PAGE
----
With the rise of artificial intelligence software like Chat GPT, education is on track to become more technologically proficient than ever. However, there are also concerns about the unfair use of AI, including plagiarism and cheating within schools. Despite the relatively recent expansion of AI, it is increasingly recognized by schools around the world, including those in the Global South.
ChatGPT and other AI resources are easily accessible to students through multiple avenues. ChatGPT was founded in 2022 by OpenAI and has already made waves in tech communities. It is accessible to anyone with an email address and is incredibly simple to use. The user can ask almost any question or request and the software can create unique content in seconds. Because of its simple and accessible format, people have found ways to use it to make their homework and work easier. Some schools around the world are concerned that students are using AI software like ChatGPT to plagiarize online assignments. South Director Afolobi Runsewe said: “There are ways to use AI responsibly, I think that scares me a little bit… But I know, having been to high school and university, and now that I am professional, that teachers know your writing style. and so if you use AI as plagiarism, I don’t think it will go unnoticed.
As schools grapple with the use of AI, it is possible that regulations in schools, including those in the South, will change in order to keep pace with AI software. South’s textbook currently defines plagiarism as “…Presenting another writer’s ideas or words as your own without citing the source. It also states that cheating includes: “…by turning work generated from the Internet into your own. Artificial intelligence itself is not included in South’s textbook and is left up to each teacher to handle as they see fit. When it comes to how the South handles plagiarism and the use of artificial intelligence, Runsewe says, “I think our teachers are already getting on with it… it’s part of our responsibility to make sure that (students ) don’t put themselves in a position to get into trouble. .”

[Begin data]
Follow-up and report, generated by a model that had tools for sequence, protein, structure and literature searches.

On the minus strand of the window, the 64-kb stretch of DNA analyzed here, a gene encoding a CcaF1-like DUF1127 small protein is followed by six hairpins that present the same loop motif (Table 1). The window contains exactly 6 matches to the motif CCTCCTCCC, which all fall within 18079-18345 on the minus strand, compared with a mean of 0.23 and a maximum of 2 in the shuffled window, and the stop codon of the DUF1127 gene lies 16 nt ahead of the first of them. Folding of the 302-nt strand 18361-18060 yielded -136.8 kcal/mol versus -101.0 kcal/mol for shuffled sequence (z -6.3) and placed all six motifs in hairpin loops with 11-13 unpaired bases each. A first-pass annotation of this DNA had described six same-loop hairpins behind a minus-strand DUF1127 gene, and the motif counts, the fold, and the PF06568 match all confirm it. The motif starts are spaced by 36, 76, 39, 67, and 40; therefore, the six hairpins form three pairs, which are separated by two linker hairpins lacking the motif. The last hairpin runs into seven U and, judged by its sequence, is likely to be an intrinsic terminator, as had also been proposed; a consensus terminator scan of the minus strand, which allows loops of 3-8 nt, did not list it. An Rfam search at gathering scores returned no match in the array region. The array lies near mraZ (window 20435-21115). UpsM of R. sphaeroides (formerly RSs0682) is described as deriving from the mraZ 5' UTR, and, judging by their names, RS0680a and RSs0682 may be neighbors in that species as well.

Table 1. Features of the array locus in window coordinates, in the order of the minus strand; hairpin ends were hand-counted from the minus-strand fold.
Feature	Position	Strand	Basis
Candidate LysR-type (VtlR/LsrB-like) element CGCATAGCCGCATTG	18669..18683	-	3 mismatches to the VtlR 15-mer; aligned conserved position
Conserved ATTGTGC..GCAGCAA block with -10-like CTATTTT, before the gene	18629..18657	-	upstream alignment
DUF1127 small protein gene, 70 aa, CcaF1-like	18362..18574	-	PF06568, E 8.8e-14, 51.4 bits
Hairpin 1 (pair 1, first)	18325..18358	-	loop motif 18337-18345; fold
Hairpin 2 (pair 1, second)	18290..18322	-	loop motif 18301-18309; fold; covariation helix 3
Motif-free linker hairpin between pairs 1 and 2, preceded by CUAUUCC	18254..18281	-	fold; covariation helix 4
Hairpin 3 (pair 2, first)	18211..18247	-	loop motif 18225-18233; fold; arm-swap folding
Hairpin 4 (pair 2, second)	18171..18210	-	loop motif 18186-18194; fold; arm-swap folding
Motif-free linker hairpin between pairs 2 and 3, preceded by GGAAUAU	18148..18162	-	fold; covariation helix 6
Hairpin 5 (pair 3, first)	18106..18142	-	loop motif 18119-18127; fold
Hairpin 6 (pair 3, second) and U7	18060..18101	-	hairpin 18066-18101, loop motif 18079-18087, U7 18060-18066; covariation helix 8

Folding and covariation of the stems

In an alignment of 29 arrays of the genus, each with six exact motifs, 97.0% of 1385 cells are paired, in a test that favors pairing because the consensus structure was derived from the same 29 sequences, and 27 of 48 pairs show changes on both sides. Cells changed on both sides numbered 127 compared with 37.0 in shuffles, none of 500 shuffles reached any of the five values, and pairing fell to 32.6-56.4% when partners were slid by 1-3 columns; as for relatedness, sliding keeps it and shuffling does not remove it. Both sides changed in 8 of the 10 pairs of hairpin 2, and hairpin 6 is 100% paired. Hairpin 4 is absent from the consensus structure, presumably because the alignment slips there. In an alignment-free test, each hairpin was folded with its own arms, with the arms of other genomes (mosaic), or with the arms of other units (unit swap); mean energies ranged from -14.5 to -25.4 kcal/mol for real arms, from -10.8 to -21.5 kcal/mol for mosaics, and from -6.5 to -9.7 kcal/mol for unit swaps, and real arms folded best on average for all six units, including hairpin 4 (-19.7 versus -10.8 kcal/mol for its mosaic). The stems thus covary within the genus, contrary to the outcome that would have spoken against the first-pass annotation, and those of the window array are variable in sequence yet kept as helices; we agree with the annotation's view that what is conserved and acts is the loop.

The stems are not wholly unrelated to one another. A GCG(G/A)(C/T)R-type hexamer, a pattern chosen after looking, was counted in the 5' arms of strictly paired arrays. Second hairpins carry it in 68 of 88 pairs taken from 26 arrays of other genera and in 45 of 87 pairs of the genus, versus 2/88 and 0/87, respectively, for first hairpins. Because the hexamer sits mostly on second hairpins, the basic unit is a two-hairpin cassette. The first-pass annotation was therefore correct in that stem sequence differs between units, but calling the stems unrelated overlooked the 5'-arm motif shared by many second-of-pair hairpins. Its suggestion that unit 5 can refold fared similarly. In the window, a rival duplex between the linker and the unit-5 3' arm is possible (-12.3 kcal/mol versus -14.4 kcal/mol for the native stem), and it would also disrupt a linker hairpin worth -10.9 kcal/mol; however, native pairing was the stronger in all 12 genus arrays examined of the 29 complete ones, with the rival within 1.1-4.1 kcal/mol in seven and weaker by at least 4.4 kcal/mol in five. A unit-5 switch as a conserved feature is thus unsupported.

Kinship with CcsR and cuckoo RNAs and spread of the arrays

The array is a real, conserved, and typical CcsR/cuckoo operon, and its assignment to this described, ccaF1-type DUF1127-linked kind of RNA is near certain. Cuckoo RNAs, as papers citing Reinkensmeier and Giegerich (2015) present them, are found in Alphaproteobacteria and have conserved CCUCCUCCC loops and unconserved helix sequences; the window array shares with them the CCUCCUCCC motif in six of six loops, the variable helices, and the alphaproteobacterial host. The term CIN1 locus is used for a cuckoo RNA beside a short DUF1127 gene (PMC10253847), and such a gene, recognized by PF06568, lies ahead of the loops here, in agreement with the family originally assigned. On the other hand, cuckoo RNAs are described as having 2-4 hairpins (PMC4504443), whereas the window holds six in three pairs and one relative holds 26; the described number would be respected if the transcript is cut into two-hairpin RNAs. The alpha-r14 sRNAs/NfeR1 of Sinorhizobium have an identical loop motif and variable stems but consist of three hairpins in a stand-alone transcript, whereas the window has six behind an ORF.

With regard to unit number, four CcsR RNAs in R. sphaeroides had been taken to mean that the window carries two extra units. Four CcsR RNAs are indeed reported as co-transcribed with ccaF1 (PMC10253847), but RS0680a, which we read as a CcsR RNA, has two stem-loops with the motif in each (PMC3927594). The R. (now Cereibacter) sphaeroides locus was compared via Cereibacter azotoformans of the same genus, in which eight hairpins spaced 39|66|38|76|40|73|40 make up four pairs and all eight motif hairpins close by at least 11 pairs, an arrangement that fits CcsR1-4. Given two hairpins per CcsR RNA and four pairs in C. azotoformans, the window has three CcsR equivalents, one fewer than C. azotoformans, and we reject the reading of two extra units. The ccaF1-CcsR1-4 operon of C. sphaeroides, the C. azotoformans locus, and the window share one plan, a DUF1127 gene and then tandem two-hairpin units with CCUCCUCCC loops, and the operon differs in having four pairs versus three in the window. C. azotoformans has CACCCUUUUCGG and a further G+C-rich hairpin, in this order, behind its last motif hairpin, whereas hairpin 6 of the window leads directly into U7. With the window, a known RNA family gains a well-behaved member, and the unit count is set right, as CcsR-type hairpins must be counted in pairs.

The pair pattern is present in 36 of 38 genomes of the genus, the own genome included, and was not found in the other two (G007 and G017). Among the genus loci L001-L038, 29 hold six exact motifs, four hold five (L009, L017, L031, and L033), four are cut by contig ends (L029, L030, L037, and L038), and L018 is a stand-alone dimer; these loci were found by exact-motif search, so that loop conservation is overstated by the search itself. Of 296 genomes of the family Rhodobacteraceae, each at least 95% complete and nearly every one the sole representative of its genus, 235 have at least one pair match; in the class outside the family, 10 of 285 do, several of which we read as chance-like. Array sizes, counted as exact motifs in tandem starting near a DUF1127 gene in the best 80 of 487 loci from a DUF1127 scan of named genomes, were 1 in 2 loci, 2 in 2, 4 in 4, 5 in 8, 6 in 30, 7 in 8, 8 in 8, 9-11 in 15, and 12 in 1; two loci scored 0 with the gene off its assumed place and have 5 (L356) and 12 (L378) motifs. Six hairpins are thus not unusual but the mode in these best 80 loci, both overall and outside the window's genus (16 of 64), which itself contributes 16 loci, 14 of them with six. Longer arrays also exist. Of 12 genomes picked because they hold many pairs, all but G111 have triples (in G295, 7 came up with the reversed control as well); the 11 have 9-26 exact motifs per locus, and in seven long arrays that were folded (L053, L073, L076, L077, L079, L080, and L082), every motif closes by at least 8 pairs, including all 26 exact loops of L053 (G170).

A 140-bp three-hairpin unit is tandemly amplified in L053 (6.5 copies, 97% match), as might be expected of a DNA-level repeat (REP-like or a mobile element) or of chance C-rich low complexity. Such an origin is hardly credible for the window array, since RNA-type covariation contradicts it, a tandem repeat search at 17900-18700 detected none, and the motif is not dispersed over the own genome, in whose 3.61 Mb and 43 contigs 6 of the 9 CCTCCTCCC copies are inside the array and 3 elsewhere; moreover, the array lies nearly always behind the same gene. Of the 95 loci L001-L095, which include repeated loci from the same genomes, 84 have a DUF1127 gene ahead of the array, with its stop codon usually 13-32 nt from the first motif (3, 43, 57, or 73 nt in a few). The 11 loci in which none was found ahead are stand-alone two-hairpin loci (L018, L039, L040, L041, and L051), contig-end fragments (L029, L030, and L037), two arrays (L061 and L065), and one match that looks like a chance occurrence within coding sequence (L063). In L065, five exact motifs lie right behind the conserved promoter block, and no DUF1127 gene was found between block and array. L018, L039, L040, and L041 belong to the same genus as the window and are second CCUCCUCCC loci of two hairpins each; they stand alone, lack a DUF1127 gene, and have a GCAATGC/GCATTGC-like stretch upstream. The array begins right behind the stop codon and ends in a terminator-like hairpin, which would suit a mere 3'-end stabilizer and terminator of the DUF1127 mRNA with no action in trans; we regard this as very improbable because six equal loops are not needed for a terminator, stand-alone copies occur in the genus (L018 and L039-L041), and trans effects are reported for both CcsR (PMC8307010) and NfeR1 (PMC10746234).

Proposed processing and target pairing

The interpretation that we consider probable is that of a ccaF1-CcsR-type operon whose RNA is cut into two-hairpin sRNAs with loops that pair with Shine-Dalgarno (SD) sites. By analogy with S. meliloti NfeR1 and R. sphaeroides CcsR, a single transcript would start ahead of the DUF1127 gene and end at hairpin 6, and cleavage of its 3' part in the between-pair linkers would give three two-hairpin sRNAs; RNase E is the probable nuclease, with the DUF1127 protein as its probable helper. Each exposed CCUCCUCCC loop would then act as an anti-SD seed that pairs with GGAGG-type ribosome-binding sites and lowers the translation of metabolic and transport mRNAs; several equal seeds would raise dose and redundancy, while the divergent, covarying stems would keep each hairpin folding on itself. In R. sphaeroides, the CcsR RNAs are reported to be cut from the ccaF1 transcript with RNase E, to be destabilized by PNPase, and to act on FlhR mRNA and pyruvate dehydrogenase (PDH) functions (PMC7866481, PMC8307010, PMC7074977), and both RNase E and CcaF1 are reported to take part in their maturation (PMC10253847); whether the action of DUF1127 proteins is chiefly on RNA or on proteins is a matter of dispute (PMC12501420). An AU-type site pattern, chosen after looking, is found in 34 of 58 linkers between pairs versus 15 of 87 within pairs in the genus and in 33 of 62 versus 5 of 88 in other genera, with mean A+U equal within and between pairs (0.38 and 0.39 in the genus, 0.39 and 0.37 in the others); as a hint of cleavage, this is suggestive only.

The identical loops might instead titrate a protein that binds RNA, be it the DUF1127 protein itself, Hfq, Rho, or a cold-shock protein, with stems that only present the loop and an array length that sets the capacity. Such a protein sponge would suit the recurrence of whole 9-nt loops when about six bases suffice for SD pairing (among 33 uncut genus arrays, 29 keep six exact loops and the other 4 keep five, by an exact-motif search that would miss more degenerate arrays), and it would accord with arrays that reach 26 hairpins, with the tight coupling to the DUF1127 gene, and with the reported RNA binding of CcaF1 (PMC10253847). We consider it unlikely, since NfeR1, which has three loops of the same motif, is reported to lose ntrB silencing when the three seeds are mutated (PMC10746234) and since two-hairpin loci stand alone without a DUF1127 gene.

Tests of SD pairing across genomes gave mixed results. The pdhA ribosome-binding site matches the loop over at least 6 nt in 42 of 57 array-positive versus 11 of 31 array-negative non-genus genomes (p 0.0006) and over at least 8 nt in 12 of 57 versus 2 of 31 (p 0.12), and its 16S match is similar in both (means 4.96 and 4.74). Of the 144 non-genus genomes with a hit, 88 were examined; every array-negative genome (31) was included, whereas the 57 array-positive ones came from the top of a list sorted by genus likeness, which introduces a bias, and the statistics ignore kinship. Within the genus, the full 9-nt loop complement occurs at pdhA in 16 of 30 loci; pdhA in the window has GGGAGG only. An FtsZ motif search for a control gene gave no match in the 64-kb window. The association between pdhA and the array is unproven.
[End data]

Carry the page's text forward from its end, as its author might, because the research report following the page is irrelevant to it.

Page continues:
AI itself is a very controversial topic and is expected to have a big impact on people’s daily lives in the near future. Concerns about how AI will change the workforce and unemployment have existed since the creation of computers. AI is very effective in some ways and can sometimes exceed the capabilities of human workers. There have been cases in recent years where common jobs are aided or directed by the presence of AI. Opinions differ on the future ramifications of AI, including whether or not it will harm the workforce and whether its presence should be welcomed. Just as computer literacy has become a necessary part of education and work over the past two decades, knowledge of how to use AI could become an integral part of people’s livelihoods.
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As AI and advanced technologies become ubiquitous in people’s daily lives, students will need to adapt in order to gain the skills needed to work. Conversations are growing about how AI can be a tool rather than a crutch. By teaching students how to use AI effectively and ethically, they have the power to influence their future with AI in the workplace. Runsewe says: “I think we need to leverage technology responsibly and I think AI is a good way to do that…. AI can certainly be used as a tool to help children learn.
Regardless of how AI continues to be used in the future, schools will need to decide how best to encourage ethical and productive use of AI. Plagiarism using AI is a relatively new problem, and there remains a chance to guide the narrative around AI to be a tool rather than a crutch. Runsewe says: “I don’t think it’s a widespread problem yet, and I hope it doesn’t become one. I hope children use good judgment and use technology responsibly.